Jeremy Corbyn was today under growing pressure to “come off the fence” on Brexit and abandon his strategy of “deliberate ambiguity” about leaving the European Union.

Writing in tonight’s Evening Standard, former Labour shadow chancellor Chris Leslie said: “A sheepish silence in the hope that Brexit will just pass us by will not work any longer.”

Calling on Labour’s leader to whip the 262 Labour MPs behind a job-saving vote to keep Britain in the EU customs union, he said it would be “unforgivable” to do nothing in the face of evidence that the poor would be hit hardest from leaving the frictionless trading bloc.

“Taking a path of deliberate ambiguity in the hope we won’t offend anyone is not the principled stance that the vast majority of Labour’s membership expect from this leadership team,” writes Mr Leslie.

“This is the defining issue of our times and it is not going to go away. We have a responsibility to prevent the austerity that will hit the poorest hardest.”

Other senior Labour figures also warned that Labour’s new mass membership of idealistic young activists would become disillusioned if Mr Corbyn failed to act in case he offended Leave voters in the party’s old heartlands.

Former shadow communities secretary Emma Reynolds urged Mr Corbyn to let the membership vote on a Brexit strategy. “Jeremy Corbyn has always been keen on involving party members in policy-making so I don’t see why not, and we should discuss it at our next party conference because we didn’t discuss it last year. “

Will Dry, of pressure group Our Future, Our Choice said Labour’s stance was “morally dubious and politically empty”. He said most young Labour activists assumed Mr Corbyn was opposed to Brexit and would be disenchanted if he did not fight it.

Meanwhile, Australia officials today warned that a customs union with the EU would hamper a future trade deal with the UK.

High Commissioner Alexander Downer said the two countries could do “substantially” more trade but only if Britain was free from EU rules.

“If you remain in the customs union then you would have no control over an independent trade policy,” he told the BBC’s Today.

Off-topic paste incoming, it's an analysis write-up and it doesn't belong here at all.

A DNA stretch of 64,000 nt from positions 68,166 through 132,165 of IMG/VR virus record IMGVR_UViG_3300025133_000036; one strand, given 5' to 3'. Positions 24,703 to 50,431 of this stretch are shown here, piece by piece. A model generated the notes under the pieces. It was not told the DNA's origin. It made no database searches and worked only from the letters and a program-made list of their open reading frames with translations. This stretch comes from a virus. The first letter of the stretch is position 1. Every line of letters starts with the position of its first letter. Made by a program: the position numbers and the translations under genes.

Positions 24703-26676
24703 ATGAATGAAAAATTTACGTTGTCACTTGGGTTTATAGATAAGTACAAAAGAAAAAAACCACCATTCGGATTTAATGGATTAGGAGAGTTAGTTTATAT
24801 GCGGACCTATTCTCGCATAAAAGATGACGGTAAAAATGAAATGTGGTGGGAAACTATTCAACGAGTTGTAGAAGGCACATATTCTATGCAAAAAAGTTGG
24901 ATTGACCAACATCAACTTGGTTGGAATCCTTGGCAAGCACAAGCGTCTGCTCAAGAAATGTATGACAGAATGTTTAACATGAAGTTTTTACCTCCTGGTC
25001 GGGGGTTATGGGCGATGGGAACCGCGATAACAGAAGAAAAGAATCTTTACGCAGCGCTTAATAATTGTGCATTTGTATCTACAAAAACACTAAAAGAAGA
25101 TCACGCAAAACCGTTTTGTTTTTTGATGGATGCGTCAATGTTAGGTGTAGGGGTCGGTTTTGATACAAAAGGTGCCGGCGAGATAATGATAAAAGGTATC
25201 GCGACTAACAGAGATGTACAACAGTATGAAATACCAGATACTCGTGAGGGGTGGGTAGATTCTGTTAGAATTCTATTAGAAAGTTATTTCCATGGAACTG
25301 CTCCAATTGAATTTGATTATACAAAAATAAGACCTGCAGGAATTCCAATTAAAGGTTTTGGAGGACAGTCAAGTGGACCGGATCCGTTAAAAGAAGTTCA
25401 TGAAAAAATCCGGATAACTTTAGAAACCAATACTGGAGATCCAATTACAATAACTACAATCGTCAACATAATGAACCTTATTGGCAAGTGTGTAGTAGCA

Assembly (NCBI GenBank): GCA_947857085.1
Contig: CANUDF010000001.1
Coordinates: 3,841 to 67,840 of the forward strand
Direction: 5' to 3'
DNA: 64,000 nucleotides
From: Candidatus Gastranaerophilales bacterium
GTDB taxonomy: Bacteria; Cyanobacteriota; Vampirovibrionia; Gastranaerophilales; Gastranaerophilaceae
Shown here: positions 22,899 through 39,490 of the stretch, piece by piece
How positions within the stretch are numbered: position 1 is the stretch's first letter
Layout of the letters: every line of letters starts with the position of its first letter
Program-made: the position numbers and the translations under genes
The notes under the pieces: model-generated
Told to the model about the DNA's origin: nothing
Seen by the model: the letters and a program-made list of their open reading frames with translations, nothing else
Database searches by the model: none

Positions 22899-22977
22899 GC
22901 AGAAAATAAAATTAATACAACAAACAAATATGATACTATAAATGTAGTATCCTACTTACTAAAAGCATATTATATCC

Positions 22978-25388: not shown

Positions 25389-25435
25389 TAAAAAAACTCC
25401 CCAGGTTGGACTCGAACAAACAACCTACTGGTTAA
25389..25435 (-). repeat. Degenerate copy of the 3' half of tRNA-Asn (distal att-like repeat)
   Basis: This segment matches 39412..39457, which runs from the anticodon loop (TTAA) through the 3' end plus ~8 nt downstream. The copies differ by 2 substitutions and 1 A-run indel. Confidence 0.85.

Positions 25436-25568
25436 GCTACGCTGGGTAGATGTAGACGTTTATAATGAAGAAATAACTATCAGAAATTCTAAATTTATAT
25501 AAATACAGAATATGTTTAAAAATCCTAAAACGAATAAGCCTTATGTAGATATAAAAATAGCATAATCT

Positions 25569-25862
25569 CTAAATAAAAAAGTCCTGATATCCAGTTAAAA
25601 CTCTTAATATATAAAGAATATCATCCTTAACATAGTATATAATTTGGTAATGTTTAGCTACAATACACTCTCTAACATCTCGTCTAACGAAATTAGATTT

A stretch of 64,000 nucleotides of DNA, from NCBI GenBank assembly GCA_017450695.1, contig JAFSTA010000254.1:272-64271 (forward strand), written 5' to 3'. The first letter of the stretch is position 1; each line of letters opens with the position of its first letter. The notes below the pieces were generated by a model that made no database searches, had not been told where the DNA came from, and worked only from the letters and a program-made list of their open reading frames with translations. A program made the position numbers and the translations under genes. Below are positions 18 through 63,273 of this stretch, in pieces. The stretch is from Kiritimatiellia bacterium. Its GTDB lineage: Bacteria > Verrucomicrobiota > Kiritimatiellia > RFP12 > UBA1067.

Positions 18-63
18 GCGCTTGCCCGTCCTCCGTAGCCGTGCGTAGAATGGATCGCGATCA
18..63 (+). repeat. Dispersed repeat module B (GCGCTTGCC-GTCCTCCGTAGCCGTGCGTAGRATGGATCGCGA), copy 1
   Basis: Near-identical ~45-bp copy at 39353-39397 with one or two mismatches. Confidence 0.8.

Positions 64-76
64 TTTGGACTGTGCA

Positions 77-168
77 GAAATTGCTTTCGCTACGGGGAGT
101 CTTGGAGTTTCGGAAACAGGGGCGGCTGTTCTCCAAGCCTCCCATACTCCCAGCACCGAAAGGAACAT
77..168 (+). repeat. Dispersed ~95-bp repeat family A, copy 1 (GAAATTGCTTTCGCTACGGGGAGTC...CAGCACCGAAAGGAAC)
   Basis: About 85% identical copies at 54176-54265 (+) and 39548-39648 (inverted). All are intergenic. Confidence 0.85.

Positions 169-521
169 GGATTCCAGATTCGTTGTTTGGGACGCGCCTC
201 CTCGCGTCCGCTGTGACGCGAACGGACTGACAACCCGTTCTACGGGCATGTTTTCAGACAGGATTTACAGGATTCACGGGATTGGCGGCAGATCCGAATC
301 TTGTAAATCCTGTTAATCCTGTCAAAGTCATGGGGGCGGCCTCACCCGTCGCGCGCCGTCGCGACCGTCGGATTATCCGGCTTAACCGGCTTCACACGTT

A poll last week revealed Labour’s vote share would tumble from around 42 per cent to just 30 per cent if the party was seen to side with Conservatives in going ahead with Brexit – allowing the Tories to win a general election with a 12-point lead.

It comes as plans for a Commons vote instructing Mrs May to try to stay in the EU customs union were announced by former shadow business minister Chuka Umunna and Tory former Business Minister Anna Soubry.

In a bid to regain the initiative on Brexit after weeks of public Cabinet tensions, the Prime Minister is preparing two keynote addresses this month.

Speeches will also be made by three Brexiteers – Foreign Secretary Boris Johnson, Brexit Secretary David Davis, and International Trade Secretary Liam Fox – plus Remain-backer David Lidington, the Cabinet Office Minister.

Mrs May’s first address on post-Brexit UK-EU security will be made in Germany next Saturday.

Another speech in three weeks will set out her negotiating stance, following a special “away day” summit of the “Brexit war Cabinet” at Chequers.

Mrs May met Irish premier Leo Varadkar today for talks on ending the 13-month political stalemate in Northern Ireland. They were also likely to discuss how to avoid a hard border in Northern Ireland.

Britain should unilaterally abolish tariffs to give it an edge in Brexit talks and drive down prices for consumers, a new report from the Policy Exchange think tank said.

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